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April 11-13, 2019
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American College of Physicians policy paper recommendations
consider full array of drugs, not only opioids
December 10, 2013
(Washington) - Ten policy positions and recommendations to
address the significant human and financial costs related to
prescription drug abuse were provided by the American College of
Physicians (ACP) in a policy paper released yesterday. Prescription
Drug Abuse forms a framework for patients to receive the
care they require while effectively accounting for the problems
associated with the use of prescription drugs - specifically those
with a significant potential for abuse.
"Prescription drug abuse is found throughout all aspects of our
population and is a serious public health problem," said Molly
Cooke, MD, FACP, president of ACP. "Physicians and other health
professionals with prescribing privileges are entrusted with the
authority to use medications in the treatment of their patients and
therefore have an important role to play in helping to ensure safe
and effective use of this treatment option and the deterrence of
Physicians have an ethical obligation to manage and relieve
pain, but to do so responsibly and in accord with scientific
evidence, according to ACP's Ethics Guidelines. Improvement in
function through the short-term use of opioids and related
substances to treat acute pain and their use to ease suffering at
end-of-life are well-accepted medical practices. However, long-term
opioid use for chronic pain is controversial because of concerns
about addiction, overuse, misuse, and side effects.
The ACP paper distinguishes itself by noting that controlled
substances include medications not only for the treatment of pain,
but to treat sleep disorders, nerve conditions, weight loss and
other conditions. Improvement in function through the short-term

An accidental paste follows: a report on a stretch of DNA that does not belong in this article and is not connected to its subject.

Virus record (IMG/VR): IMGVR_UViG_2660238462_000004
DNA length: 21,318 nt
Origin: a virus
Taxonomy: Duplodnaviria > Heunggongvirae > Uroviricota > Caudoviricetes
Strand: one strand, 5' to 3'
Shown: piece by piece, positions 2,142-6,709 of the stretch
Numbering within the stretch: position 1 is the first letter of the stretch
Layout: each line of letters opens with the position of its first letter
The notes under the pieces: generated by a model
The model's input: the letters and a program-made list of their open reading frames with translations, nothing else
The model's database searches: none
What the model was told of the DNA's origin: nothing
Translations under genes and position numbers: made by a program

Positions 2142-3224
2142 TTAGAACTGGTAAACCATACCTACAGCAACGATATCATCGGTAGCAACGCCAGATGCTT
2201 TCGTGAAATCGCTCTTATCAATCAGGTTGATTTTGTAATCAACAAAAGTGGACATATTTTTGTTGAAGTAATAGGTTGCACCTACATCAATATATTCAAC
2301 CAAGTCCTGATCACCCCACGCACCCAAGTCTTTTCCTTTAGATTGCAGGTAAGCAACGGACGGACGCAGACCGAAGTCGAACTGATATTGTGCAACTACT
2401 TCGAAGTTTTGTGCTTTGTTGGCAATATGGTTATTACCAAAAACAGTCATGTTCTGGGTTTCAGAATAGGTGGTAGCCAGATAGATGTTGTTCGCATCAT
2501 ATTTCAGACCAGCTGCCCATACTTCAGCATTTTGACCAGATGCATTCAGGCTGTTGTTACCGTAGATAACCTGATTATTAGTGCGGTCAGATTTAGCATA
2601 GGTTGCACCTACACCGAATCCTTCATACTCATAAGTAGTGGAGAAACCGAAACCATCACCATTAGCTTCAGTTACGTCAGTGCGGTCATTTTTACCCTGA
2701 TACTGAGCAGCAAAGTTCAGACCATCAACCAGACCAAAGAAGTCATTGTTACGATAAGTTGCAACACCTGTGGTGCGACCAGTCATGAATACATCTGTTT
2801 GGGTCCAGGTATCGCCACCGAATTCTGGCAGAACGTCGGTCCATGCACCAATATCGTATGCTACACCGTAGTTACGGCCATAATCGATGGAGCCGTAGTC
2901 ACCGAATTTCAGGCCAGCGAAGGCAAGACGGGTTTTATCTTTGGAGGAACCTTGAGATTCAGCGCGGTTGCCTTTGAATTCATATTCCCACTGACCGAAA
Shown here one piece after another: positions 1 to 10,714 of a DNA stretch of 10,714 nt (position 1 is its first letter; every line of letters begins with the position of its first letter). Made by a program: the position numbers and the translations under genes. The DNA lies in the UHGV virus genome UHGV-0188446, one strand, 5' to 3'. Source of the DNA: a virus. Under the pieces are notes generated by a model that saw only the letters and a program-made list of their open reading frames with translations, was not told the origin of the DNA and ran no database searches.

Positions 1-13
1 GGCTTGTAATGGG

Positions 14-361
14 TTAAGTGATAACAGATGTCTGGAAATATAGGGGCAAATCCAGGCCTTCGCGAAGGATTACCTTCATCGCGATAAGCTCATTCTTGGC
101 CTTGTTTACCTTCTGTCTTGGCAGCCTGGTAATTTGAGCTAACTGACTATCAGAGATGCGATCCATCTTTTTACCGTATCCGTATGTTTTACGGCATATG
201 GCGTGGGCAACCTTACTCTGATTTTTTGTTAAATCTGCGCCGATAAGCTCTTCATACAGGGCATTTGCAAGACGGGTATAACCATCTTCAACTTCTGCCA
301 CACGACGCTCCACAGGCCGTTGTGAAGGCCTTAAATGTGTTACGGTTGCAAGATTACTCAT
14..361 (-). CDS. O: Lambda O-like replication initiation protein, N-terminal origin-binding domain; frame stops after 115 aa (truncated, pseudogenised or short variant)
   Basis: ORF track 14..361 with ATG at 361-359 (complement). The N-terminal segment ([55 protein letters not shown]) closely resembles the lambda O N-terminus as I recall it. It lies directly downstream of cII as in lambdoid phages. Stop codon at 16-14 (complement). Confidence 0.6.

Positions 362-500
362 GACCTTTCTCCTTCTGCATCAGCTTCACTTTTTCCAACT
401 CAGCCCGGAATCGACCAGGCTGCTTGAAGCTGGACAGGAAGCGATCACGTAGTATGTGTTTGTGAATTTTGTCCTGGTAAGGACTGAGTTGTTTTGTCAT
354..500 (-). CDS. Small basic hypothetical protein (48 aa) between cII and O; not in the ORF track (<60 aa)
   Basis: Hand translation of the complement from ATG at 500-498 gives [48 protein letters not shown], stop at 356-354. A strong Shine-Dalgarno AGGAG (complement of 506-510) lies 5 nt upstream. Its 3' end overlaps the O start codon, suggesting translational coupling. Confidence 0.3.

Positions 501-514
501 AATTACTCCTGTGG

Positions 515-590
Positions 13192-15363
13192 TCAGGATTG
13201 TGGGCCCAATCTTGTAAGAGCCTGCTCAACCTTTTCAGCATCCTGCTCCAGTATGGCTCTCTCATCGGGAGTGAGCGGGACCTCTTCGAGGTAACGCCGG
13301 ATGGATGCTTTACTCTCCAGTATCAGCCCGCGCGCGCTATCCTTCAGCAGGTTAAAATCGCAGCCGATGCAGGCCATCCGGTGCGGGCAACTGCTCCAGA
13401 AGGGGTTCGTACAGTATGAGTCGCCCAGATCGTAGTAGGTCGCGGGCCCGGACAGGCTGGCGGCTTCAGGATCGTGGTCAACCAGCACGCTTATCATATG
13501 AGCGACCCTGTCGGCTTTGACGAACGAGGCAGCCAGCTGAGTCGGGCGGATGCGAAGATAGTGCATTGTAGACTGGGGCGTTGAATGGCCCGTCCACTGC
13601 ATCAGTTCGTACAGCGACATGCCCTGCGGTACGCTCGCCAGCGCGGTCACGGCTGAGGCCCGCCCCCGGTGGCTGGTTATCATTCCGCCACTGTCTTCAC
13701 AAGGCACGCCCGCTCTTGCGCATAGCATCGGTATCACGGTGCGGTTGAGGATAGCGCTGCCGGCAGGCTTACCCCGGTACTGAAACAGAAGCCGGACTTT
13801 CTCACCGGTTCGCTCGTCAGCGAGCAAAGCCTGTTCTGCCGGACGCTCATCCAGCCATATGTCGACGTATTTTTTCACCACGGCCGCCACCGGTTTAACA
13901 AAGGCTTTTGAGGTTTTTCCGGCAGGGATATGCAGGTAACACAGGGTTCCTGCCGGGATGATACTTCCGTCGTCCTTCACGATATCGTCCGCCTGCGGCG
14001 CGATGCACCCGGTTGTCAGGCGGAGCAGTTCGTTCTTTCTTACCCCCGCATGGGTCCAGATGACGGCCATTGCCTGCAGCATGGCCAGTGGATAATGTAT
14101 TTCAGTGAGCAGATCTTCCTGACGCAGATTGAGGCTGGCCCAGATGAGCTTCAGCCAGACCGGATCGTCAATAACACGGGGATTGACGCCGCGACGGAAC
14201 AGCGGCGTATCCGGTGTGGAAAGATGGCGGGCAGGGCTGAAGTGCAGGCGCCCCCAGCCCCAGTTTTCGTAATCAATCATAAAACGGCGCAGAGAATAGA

use of opioids and related substances to treat acute pain and their
use to ease suffering at end of life are well accepted medical
The paper includes a definition of drug abuse, information about
prescription drug abuse in different age groups, variation by
geographic area, prescription drug abuse and fraud in Medicare, and
factors contributing to the dramatic rise in the availability and
misuse of prescription drugs.
"ACP supports efforts to educate physicians, patients, and the
public on the appropriate medical uses of controlled drugs and the
dangers of both medical and non-medical use of prescription drugs,"
Dr. Cooke said as she cited one of the paper's recommendations.
Long-term opioid use for chronic pain is controversial because
of concerns about addiction, overuse, misuse, and side effects.
Long-term use can also lead to opioid-induced heightened pain
sensitivity, which in turn leads to increased doses of opioids,
further escalating sensitivity to pain.
Prescribing controlled substances, which can be addictive or
abused, can subject physicians to substantial regulatory and
administrative burdens. There are criminal and civil penalties,
including loss of licensure (and consequent inability to practice)
for failure to comply with state and federal laws regulating
controlled substances. On the other hand, failure to adequately
medicate a patient can expose a physician to malpractice charges of
negligence. Physicians can also be sued for overmedication that
results in addiction or serious side effects. State medical boards
also report addressing complaints for both overtreatment and under
treatment of pain.
The American College of Physicians is the
largest medical specialty organization and the second-largest
physician group in the United States. ACP members include 137,000
internal medicine physicians (internists), related subspecialists,
and medical students. Internal medicine physicians are specialists
who apply scientific knowledge and clinical expertise to the
diagnosis, treatment, and compassionate care of adults across the
spectrum from health to complex illness. Follow ACP on Twitter and Facebook.
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